Chills by Mary SanGiovanni

Kathy Ryan has problems. Her brother is a psychopath who tried to kill her when they were young, and now a band of cultists have unleashed an otherworldly invasion on the otherwise quiet town of Colby, Connecticut. Kathy is also emotionally drained from her job battling supernatural monsters. Guarding the inter-dimensional gateway against ancient intruders […]

What Do Monsters Fear? by Matt Hayward

What do monsters fear? Responsibility. Withdrawal symptoms. Owning up to their past mistakes. One of the recovering addicts in Matt Hayward’s creep-fest What Do Monsters Fear? sums up the plot in a few well-chosen words: “Three strung-out fucks are gonna stop an ancient evil god?” Hell, yeah, they are! Because the ancient evil god—a body-snatching baddie […]

A Head Full Of Ghosts by Paul Tremblay

Paul Tremblay’s A Head Full Of Ghosts is a beautiful novel, a post-modern tale of demonic possession that leaves you questioning where truth lies in our surreal/unreal world. Publisher William Morrow sums up A Head Full Of Ghosts: The lives of the Barretts, a normal suburban New England family, are torn apart when fourteen-year-old Marjorie […]

Header and Creekers by Edward Lee

There is something beautiful and poetic about  the splatterpunk redneck fiction on display in Edward Lee‘s novella Header (1995) and the long-form novel Creekers (1994). Lee’s redneck horror pays homage to Richard Laymon‘s novels of backwoods terror as well as James Dickey‘s classic, Deliverance. Lee’s work is violent and nasty, but his pacing and dialogue are […]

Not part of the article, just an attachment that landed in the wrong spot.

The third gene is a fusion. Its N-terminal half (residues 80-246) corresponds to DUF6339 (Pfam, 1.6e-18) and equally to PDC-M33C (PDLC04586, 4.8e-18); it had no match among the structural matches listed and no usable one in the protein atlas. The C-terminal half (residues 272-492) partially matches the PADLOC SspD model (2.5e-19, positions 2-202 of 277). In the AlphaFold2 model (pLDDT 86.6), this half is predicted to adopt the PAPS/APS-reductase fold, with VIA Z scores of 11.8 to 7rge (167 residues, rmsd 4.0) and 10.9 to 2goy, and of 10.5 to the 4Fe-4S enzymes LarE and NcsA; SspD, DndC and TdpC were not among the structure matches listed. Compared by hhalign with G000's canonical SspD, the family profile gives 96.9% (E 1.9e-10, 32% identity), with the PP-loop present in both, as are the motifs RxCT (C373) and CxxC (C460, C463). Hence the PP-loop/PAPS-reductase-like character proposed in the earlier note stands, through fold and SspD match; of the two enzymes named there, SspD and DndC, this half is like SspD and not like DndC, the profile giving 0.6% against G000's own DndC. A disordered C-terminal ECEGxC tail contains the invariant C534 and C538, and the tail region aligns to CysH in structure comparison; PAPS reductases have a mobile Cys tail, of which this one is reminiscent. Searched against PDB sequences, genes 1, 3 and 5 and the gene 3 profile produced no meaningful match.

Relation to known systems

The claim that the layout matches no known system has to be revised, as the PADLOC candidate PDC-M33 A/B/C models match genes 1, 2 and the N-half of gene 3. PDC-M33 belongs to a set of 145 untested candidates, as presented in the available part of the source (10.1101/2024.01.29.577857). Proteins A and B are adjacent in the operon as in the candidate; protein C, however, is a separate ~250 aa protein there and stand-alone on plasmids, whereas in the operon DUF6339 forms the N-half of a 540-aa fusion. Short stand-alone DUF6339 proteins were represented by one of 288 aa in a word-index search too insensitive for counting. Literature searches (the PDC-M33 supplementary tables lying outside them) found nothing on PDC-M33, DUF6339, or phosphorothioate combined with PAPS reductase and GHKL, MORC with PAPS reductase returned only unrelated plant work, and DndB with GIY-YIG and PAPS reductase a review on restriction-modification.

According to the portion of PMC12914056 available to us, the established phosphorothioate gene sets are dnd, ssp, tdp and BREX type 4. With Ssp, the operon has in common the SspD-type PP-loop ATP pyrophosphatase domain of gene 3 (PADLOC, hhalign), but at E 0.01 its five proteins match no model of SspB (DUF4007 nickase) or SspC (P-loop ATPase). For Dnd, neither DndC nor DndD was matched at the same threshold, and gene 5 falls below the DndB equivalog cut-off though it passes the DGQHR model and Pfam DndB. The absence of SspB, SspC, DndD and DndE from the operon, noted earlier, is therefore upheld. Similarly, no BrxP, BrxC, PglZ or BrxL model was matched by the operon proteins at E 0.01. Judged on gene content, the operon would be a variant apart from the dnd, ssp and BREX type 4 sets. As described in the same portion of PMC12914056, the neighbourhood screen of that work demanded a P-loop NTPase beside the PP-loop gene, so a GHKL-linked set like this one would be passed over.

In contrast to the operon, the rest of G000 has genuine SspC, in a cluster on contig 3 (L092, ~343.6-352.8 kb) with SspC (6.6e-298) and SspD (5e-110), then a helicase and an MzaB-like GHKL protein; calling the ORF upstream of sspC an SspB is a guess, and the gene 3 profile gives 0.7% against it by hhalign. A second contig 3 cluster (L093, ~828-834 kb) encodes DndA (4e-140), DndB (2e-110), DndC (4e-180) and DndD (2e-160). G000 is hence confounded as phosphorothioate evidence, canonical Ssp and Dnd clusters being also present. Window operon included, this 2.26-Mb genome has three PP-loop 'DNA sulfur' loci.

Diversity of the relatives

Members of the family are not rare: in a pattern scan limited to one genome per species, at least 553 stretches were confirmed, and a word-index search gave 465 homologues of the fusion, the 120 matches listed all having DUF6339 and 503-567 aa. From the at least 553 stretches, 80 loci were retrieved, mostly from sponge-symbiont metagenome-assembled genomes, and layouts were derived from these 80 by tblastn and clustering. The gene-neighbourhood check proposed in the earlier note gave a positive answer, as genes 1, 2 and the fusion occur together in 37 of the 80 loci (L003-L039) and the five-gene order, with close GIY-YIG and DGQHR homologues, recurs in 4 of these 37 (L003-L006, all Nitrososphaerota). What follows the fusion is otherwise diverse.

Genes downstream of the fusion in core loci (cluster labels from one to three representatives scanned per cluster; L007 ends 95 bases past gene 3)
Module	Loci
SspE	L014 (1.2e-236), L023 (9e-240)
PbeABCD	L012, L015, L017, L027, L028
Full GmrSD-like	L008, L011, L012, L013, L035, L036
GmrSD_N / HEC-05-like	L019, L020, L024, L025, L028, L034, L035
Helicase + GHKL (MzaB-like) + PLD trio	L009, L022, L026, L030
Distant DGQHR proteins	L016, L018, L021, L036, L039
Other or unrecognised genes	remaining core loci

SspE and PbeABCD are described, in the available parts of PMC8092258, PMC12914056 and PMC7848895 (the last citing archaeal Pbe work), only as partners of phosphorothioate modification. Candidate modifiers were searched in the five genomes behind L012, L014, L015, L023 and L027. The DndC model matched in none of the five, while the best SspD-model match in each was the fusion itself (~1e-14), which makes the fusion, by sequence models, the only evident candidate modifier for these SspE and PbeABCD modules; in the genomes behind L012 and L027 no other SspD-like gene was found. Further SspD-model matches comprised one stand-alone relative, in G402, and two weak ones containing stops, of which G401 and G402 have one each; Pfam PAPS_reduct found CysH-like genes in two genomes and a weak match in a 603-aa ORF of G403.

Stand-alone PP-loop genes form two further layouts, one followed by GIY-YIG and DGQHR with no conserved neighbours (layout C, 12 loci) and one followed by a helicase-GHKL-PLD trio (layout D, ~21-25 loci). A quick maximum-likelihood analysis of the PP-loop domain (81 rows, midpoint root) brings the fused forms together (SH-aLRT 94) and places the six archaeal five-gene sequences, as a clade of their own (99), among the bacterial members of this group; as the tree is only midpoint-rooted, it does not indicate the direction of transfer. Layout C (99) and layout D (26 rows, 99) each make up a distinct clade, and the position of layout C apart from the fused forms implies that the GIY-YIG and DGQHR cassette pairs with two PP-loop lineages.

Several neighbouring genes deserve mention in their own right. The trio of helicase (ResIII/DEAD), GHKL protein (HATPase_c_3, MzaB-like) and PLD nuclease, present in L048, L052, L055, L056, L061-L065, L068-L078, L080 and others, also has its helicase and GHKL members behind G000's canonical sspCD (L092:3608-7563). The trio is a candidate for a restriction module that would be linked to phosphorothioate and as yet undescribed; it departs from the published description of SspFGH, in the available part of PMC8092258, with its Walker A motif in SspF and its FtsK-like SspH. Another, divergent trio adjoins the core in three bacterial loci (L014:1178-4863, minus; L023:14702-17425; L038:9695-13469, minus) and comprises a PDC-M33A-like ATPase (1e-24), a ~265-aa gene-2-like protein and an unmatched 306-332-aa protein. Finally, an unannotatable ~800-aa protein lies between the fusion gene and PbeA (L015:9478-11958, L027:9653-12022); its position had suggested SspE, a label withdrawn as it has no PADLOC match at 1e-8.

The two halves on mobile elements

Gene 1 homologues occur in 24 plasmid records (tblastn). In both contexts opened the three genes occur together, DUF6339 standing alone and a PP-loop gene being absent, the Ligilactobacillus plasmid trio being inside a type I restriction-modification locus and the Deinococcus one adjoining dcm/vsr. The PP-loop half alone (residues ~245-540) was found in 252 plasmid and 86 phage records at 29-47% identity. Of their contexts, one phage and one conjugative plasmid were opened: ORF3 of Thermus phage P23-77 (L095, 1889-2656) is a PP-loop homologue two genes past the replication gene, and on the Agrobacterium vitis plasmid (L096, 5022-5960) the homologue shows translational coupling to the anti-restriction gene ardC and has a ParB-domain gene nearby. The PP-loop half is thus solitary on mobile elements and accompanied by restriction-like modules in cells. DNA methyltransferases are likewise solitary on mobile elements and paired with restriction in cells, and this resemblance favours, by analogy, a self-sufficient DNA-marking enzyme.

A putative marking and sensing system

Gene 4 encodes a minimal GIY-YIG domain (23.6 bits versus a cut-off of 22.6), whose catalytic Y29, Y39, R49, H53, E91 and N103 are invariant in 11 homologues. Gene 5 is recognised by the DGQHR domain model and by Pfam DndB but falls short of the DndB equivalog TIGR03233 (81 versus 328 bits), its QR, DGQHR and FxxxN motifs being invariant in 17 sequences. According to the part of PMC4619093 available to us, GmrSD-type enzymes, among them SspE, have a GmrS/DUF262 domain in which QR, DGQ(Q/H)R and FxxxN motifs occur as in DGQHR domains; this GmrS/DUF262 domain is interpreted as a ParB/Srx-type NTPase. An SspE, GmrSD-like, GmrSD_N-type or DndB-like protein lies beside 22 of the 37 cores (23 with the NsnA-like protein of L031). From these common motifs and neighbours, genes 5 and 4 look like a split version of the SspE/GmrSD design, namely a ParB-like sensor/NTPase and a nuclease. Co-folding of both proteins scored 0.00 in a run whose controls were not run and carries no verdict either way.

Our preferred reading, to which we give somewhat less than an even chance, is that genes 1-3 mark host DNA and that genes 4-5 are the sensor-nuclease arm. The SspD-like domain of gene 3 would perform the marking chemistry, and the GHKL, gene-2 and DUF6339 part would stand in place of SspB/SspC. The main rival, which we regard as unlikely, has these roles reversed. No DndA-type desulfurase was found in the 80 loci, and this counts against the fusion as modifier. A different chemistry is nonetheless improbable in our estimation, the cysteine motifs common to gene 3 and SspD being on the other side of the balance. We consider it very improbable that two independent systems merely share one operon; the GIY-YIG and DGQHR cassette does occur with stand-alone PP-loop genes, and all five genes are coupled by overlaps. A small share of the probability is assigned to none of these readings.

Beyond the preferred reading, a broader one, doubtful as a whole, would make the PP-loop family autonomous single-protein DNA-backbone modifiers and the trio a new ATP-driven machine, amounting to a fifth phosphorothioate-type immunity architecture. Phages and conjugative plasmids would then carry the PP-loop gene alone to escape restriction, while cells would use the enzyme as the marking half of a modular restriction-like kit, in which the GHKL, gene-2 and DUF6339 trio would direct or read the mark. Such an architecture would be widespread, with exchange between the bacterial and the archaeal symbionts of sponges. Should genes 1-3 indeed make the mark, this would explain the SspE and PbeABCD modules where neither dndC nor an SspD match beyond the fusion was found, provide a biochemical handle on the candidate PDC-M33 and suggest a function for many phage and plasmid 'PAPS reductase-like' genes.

The Imago Sequence and Other Stories by Laird Barron

Laird Barron writes weird. Barron is a good writer, but the stories contained in his collection, The Imago Sequence  and Other Stories, are sometimes hard to figure. You’ll need a dictionary, good map skills, and a working knowledge of mythology, world religions, philosophy, horror fiction, and crime pulps to make heads or tails of these […]

Harvest Home by Thomas Tryon

Is corn scary? It is a rather bizarre plant. It grows tall and fast and has vaguely human qualities, like corn-silk hair and ears. I never really thought corn was scary, until I read Stephen King‘s Children of the Corn as a teenager. King made corn creepy. But before King conjured the Children of the […]

The Book of Paul by Richard Long

 I didn’t know what to expect when I dove into Richard Long’s debut novel, The Book of Paul, other than Stephen King endorsed it and the novel was billed as “ a paranormal thriller.” Based on the cover, I figured The Book of Paul was a mythology-based tale of pirates for young adult readers. The skeleton […]